Individuals can still make a difference
On 30 June Sacred Heart University (Luxembourg Campus) held an interesting conference at the Chamber of Commerce on the issue “Can individuals still make a difference? Ethics, leadership and management”. After a brief introduction by Dr. Edmond Israel, Chairman of the Board of Regents of Sacred Heart University, the principals of SHU and the University of Luxembourg made keynote speeches on the role of a university in the transmission of ethical behaviour. The different religious and ethical backgrounds of these two scientists made for an exceptionally interesting conference that stood out among the usual discussions.
The first part of the evening, featuring Prof. DDr. Rolf Tarrach, Rector of the University of Luxembourg and Anthony J. Cernera, President of the Sacred Heart University, tackled the question of the evening at a philosophical level. This was followed by two further speakers and a lively business panel on the application of these considerations to real life.
Educating responsible people
Prof. Tarrach, who describes himself as an agnostic, raised a key question: are managers free agents or merely hostages of the system in which they work? In his view, the extent to which universities are responsible for educating responsible economic leaders is a political question. Universities should actively help to solve outstanding problems. In order to achieve this noble aim we need scientists to collect data, he continued; we need knowledge to interpret the data and the humility to recognise what we don’t know; we need an ethical framework with which to interpret the results and this requires leadership to educate responsible people. The role of a university is “educating responsible people”.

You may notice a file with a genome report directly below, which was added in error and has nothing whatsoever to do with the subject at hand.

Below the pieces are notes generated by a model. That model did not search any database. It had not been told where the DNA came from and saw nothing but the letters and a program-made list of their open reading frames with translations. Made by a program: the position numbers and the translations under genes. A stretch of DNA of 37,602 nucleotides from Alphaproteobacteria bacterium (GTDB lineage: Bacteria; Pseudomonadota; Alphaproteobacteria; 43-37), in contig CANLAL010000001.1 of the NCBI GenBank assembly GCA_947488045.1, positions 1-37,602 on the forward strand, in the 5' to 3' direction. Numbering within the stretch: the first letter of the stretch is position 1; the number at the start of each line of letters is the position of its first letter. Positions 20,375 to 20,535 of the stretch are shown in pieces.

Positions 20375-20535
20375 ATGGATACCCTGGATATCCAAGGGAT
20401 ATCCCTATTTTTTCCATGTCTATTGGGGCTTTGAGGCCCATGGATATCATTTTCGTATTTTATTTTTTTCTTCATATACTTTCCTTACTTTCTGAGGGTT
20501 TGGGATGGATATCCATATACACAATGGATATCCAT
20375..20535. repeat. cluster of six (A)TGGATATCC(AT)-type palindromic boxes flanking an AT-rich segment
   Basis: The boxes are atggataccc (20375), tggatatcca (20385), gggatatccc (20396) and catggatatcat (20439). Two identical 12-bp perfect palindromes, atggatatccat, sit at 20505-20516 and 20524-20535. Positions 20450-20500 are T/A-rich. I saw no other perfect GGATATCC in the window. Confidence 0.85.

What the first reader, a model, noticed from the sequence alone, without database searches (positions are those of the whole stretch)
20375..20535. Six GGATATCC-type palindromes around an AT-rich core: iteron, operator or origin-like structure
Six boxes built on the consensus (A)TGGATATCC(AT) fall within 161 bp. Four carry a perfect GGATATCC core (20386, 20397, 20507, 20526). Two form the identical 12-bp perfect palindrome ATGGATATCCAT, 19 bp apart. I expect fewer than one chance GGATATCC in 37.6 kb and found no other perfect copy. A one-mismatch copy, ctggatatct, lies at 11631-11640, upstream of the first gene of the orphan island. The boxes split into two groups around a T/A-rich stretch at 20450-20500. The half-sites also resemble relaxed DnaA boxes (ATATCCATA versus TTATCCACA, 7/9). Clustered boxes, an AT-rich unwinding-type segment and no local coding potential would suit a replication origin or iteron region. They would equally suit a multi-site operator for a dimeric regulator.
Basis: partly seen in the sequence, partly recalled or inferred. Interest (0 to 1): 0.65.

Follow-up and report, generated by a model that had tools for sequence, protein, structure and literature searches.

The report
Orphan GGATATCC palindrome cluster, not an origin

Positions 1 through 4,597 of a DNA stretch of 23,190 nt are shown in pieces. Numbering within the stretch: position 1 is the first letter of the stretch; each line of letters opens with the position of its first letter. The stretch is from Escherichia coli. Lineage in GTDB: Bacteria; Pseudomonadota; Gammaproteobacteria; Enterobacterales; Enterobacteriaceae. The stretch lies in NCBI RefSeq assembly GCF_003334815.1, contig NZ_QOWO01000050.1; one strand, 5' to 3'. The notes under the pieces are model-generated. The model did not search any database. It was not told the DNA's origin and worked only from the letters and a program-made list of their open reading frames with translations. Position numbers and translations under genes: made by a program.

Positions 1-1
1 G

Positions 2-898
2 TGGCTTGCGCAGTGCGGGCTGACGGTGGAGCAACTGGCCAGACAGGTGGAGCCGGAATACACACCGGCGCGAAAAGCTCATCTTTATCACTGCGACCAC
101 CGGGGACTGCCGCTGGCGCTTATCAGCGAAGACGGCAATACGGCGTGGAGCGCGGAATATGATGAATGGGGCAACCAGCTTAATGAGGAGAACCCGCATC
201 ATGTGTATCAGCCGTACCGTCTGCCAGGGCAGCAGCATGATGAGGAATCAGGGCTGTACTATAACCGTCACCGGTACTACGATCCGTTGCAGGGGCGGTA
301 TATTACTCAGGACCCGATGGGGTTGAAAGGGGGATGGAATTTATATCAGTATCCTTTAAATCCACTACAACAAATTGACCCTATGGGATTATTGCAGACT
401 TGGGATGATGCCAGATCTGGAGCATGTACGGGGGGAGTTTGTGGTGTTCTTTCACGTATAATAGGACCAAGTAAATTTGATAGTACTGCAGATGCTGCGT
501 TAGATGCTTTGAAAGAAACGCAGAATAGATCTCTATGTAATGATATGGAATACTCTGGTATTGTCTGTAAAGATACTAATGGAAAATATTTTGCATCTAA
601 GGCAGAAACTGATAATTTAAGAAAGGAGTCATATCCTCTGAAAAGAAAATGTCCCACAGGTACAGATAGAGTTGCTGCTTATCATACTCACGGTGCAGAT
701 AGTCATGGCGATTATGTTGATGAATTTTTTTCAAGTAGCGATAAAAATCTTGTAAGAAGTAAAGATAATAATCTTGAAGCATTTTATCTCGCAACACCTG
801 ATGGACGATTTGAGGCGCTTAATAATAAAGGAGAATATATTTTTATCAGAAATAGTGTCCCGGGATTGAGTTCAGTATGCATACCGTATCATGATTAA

Science is about diminishing ignorance, said Professor Tarrach, continuing that knowledge itself had no ethical value, so it was the role of universities to teach the ethic of responsibility. “Scientsts don’t know what the truth is; they observe”. In his view, there is a key difference between religious ethics and the ethics of science, which he views as the “will to freely decide”, and he holds that as a result religious belief and science are incompatible. In his view this puts religious universities at a disadvantage.
However, the examples of ethical challenges proposed by Professor Tarrach failed to establish this point because the putative responses of a Catholic were in each case wide of the mark. As Professor Cernera commented later, believers are fully responsible for their moral decisions and to abdicate from this responsibility (“let God decide”) was a conscious act of free will. Believers decide freely between the available options. Free will is an amazing gift, which should be used wisely.
Moving on from the physical to the metaphysical Professor Tarrach asked “Is there knowledge beyond scientific knowledge?” In his view a scientist must answer “no”.
He concluded by declaring that an individual has responsibility for society and that this responsibility is not transferable (a reference to religious belief). “Individuals are absolutely essential for the well being of our society.”
Don’t you loose your sense of wonder
Responding to Professor Tarrach, Anthony J. Cernera, President of Sacred Heart University ,described himself a “believer with deep agnostic tendencies”. It was too simple to state that believers shift responsibility onto God, he said. Their choices will be nourished by faith, and “an act of faith is always an act of trust”.